I accompanied a coworker to the big Mega Store next door (which I will not name because I would rather not acknowledge that I went to this establishment) to peruse, among other things, a new planner. She really wanted to get a new one, and I was all too happy to join her. After all, I absolutely adore paper products.
When I was in seventh grade, I asked for a planner for Christmas. I’m absolutely serious. That year, I received a cobalt blue classic-size Day Runner. It was a beautiful thing. Of course, as I was in the seventh grade, I wasn’t fully able to use most of the segments that came with it (mileage? expense reports? meeting notes?), so it was basically a very fancy calendar and address book. By the time I got to college, though, my planner (no longer the cobalt blue Day Runner, though) had morphed into a beautiful, color-coded, highly functional, well, planner.
My planners and the way I used them changed with each job. At my very first job after college, I was a media buyer, so the best planner for me was a giant wall calendar onto which I could write all my due dates (color-coded by account, of course). When I moved into ad sales, I returned to the traditional classic planner. Then I was a market research assistant by day and working towards my MBA by night, so a smaller compact-size planner (that easily fit into my backpack) served me better. But a paper planner was completely useless when I was a retail manager, so I got a Palm Pilot, which also served me well when I worked with Vendor Relations.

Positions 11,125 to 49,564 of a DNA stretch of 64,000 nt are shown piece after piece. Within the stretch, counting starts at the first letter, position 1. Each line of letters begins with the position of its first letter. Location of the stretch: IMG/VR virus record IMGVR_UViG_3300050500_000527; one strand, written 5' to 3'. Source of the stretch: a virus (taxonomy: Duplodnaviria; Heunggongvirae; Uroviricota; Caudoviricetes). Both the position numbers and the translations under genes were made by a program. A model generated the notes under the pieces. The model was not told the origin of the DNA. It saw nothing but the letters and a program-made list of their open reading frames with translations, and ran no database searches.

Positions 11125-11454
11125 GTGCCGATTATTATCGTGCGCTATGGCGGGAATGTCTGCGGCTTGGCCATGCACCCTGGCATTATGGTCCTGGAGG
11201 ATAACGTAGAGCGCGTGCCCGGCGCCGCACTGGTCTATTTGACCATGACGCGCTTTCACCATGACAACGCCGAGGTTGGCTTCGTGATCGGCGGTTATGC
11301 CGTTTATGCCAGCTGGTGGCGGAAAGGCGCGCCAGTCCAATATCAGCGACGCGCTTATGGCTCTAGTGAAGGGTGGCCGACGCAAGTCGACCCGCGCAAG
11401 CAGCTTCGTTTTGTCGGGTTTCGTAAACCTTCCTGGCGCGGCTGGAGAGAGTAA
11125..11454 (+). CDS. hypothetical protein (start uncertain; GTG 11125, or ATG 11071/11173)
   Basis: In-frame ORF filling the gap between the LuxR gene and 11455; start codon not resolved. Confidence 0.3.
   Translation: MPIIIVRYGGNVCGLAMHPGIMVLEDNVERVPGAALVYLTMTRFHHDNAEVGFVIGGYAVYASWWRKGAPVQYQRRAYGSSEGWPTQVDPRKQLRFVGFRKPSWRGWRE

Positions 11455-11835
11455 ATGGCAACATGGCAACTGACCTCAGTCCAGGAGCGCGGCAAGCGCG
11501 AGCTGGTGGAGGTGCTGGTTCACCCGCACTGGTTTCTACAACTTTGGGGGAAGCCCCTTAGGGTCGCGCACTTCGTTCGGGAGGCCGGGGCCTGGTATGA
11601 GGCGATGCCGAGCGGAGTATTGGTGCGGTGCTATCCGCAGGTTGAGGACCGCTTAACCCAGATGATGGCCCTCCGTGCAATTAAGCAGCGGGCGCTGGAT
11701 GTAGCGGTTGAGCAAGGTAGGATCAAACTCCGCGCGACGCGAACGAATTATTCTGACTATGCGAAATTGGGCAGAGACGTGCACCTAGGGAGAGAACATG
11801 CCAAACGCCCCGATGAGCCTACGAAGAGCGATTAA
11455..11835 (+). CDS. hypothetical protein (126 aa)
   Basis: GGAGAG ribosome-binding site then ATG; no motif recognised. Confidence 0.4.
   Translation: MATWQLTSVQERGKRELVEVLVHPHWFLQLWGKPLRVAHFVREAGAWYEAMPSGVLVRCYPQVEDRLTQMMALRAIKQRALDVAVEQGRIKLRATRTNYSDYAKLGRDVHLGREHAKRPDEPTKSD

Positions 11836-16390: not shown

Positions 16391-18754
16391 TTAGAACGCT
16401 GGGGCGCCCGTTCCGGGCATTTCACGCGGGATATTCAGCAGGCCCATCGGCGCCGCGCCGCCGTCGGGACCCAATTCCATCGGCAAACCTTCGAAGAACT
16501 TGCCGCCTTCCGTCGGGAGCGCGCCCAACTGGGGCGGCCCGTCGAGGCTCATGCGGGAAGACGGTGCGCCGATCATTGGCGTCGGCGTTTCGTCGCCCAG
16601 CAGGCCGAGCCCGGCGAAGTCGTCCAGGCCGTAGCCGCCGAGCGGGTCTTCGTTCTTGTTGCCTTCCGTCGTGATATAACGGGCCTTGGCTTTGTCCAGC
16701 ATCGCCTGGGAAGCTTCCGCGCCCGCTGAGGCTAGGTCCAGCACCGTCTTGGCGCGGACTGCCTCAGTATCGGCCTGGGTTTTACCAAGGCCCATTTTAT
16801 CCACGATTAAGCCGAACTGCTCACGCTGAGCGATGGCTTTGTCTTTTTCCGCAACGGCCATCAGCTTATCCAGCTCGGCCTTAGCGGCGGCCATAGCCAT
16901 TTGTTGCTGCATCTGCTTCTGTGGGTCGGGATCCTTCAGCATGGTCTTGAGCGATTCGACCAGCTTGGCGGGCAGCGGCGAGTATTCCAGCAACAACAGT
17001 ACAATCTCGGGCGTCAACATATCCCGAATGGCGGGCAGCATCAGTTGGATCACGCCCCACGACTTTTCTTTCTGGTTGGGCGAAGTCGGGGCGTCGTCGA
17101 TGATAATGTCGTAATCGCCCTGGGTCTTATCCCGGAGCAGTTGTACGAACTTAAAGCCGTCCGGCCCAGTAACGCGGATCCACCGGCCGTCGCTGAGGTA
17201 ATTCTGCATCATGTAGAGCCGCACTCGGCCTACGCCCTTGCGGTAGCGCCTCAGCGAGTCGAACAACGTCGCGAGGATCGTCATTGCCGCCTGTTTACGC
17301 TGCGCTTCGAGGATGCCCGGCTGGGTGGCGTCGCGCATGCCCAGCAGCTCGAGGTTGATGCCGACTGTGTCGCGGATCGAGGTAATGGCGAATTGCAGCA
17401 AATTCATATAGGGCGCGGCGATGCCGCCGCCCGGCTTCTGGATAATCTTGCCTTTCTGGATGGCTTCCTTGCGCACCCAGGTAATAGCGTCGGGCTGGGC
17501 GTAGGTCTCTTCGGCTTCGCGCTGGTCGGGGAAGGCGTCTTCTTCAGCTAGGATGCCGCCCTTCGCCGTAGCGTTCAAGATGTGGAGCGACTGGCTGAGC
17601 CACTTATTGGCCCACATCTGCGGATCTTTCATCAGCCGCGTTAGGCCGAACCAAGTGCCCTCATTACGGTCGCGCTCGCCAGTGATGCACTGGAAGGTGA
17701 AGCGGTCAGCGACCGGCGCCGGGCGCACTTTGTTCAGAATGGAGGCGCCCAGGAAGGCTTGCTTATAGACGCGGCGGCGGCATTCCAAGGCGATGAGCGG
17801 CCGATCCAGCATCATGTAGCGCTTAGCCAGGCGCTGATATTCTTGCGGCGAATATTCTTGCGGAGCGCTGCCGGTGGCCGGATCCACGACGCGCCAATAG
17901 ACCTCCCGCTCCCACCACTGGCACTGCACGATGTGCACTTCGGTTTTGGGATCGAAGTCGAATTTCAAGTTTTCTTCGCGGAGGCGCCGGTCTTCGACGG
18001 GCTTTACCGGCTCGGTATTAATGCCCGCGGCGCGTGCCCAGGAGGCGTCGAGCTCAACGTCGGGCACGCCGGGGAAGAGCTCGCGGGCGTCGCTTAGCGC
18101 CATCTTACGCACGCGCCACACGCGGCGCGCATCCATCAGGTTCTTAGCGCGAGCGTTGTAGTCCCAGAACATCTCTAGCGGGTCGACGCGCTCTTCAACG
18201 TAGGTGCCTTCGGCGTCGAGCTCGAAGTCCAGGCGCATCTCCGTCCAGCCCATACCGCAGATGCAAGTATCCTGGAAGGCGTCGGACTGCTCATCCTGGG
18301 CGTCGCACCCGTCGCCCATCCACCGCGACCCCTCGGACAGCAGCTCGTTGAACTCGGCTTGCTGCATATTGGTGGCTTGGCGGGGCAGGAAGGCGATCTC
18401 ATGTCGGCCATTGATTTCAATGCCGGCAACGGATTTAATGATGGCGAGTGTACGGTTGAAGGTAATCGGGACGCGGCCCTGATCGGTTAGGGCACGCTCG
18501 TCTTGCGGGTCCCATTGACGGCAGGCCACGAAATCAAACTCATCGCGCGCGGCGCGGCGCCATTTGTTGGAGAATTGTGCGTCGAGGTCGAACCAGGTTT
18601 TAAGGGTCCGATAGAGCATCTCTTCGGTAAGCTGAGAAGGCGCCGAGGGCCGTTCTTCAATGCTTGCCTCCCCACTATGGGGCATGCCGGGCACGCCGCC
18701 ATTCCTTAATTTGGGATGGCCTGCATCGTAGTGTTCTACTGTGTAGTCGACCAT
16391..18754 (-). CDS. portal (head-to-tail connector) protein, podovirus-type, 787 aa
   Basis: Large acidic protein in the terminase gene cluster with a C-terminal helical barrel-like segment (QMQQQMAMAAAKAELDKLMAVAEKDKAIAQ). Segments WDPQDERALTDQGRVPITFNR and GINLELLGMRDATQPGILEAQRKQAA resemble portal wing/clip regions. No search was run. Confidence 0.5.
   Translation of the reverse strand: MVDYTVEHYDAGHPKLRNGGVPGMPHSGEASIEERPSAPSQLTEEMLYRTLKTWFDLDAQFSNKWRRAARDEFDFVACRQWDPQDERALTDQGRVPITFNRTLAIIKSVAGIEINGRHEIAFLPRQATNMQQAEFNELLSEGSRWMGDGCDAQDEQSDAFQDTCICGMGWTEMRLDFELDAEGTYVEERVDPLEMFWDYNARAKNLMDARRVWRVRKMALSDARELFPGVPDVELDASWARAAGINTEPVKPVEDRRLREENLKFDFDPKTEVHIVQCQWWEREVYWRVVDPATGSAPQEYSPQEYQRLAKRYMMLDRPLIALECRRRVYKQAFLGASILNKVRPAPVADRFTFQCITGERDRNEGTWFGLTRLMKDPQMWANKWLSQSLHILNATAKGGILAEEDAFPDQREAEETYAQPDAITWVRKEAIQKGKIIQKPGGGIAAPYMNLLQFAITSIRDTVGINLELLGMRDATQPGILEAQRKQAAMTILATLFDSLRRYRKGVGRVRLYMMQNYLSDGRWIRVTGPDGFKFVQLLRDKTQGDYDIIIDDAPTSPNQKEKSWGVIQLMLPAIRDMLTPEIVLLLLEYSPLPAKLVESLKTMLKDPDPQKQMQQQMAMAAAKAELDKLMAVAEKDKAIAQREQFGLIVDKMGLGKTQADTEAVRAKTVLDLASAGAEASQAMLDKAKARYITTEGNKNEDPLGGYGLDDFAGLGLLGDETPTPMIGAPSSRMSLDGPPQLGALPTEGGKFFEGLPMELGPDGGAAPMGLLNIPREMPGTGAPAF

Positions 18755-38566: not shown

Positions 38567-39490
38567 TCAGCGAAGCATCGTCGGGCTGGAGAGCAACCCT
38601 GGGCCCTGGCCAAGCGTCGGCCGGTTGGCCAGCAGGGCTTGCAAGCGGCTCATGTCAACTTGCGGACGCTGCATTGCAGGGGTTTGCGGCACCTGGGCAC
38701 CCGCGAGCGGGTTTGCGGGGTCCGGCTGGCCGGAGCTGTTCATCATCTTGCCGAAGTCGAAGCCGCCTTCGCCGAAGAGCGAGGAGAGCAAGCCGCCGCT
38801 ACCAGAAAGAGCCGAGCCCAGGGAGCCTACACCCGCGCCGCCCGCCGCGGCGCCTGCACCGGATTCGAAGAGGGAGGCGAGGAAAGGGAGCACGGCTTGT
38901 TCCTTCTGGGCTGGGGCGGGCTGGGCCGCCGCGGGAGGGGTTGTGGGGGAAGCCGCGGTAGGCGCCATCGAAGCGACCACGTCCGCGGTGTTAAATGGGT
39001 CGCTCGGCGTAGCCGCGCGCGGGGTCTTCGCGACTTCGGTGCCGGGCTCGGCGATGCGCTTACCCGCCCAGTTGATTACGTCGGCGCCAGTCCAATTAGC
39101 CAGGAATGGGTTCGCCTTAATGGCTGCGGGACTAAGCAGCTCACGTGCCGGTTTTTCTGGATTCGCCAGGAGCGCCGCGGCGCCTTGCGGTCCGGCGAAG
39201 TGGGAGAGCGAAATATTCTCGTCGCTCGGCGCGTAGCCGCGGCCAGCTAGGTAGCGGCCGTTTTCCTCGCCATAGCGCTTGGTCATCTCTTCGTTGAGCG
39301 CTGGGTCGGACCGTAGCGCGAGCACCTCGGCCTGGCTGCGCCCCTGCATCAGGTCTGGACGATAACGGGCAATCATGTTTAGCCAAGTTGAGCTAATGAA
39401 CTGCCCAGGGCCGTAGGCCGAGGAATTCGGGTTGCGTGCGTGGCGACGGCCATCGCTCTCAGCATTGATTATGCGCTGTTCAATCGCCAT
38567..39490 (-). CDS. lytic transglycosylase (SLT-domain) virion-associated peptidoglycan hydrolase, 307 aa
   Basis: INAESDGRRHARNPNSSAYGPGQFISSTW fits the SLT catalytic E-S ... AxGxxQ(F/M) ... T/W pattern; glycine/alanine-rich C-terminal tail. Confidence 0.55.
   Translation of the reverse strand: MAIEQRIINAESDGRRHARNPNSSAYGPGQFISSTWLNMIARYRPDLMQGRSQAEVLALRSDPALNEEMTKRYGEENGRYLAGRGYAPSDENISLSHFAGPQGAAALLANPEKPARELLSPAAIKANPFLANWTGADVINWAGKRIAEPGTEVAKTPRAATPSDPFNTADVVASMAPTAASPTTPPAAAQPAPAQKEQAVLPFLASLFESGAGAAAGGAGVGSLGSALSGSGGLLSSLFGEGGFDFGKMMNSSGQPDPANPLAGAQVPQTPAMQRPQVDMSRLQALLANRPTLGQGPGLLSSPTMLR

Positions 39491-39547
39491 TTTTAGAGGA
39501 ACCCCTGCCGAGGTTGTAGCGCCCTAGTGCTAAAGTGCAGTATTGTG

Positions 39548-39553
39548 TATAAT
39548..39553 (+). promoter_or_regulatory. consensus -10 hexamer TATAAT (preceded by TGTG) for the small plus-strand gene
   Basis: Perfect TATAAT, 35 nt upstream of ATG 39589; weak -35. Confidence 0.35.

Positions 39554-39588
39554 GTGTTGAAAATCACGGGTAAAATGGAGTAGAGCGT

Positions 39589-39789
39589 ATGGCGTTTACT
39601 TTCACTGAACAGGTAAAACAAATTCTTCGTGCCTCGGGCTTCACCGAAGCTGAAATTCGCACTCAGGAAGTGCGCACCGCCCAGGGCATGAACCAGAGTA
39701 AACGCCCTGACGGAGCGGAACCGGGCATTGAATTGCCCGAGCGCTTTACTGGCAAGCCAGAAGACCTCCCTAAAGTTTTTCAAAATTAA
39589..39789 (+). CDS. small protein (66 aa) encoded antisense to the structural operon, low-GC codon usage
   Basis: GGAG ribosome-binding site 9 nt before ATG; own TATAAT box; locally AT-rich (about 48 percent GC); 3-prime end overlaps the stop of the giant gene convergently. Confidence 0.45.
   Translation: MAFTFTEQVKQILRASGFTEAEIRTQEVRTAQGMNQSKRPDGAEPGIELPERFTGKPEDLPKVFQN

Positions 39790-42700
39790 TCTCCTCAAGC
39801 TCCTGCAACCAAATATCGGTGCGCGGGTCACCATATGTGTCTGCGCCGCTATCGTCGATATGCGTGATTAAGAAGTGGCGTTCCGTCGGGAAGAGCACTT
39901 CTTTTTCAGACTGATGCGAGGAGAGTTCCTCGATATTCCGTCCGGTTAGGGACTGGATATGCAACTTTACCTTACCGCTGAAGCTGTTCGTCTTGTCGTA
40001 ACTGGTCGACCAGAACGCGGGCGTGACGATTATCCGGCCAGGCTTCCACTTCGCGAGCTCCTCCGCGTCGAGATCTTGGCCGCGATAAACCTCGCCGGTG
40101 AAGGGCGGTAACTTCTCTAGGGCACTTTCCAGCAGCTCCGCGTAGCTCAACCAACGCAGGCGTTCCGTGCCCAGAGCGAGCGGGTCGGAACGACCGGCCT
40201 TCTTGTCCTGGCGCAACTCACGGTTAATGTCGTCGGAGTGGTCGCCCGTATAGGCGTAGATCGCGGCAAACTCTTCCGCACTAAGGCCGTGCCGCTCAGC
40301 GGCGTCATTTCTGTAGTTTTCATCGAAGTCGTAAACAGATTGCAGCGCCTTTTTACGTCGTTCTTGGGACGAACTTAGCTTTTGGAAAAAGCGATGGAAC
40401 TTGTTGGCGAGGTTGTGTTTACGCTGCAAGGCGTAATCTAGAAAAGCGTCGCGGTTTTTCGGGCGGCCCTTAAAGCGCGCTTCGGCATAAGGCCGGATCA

(Yeah, I traveled a couple of different paths to get where I am today.)
So, now I’m an analyst with multiple deadlines each week (usually several in a day) and a mother to an active toddler. Over the past 18 months, I’ve discovered the best system for me is a combination of Outlook on my computer (on which I keep track of all my recurring tasks), a spiral notebook into which I jot notes from meetings and craft my weekly Must Do lists, and a portable (read: smallish) paper calendar that I can use to jot notes about appointments, playdates, travel arrangements, and other personal details.
Except, it starts in August and ends in December of the following year. All of them do. Why the hell would I start a new calendar in the middle of one year when there are still plenty of other calendar pages left in my old calendar?
Anyway, when I went with my coworker to look at planners today, I was also looking for my own purposes. There was one planner that was absolutely adorable. It was a pink binder that snapped shut with a pretty silver clasp, and it wasn’t packed with a bunch of superfluous nonsense (like expense report stuff). I really, really liked it.
Now, I still have my old planner binders. One is a classic size and zips shut; the other is a compact size that snaps shut. Both are black and certainly not as attractive as the pretty pink binder with the silver clasp. The calendar refills that I needed were about $10; the pretty pink binder would only be another $17.
And yet, I put it back on the shelf, walking out with only the calendar refill pages. After all, the economy sucks, I really need to start watching my pennies, and, well, $17 can get me a super-jumbo pack of Pampers (after coupons, of course). Besides, what kind of example would I be setting for my son if I casually discard perfectly good items for no reason other than wanting a different color?
Oh, but it’s such a pretty shade of pink!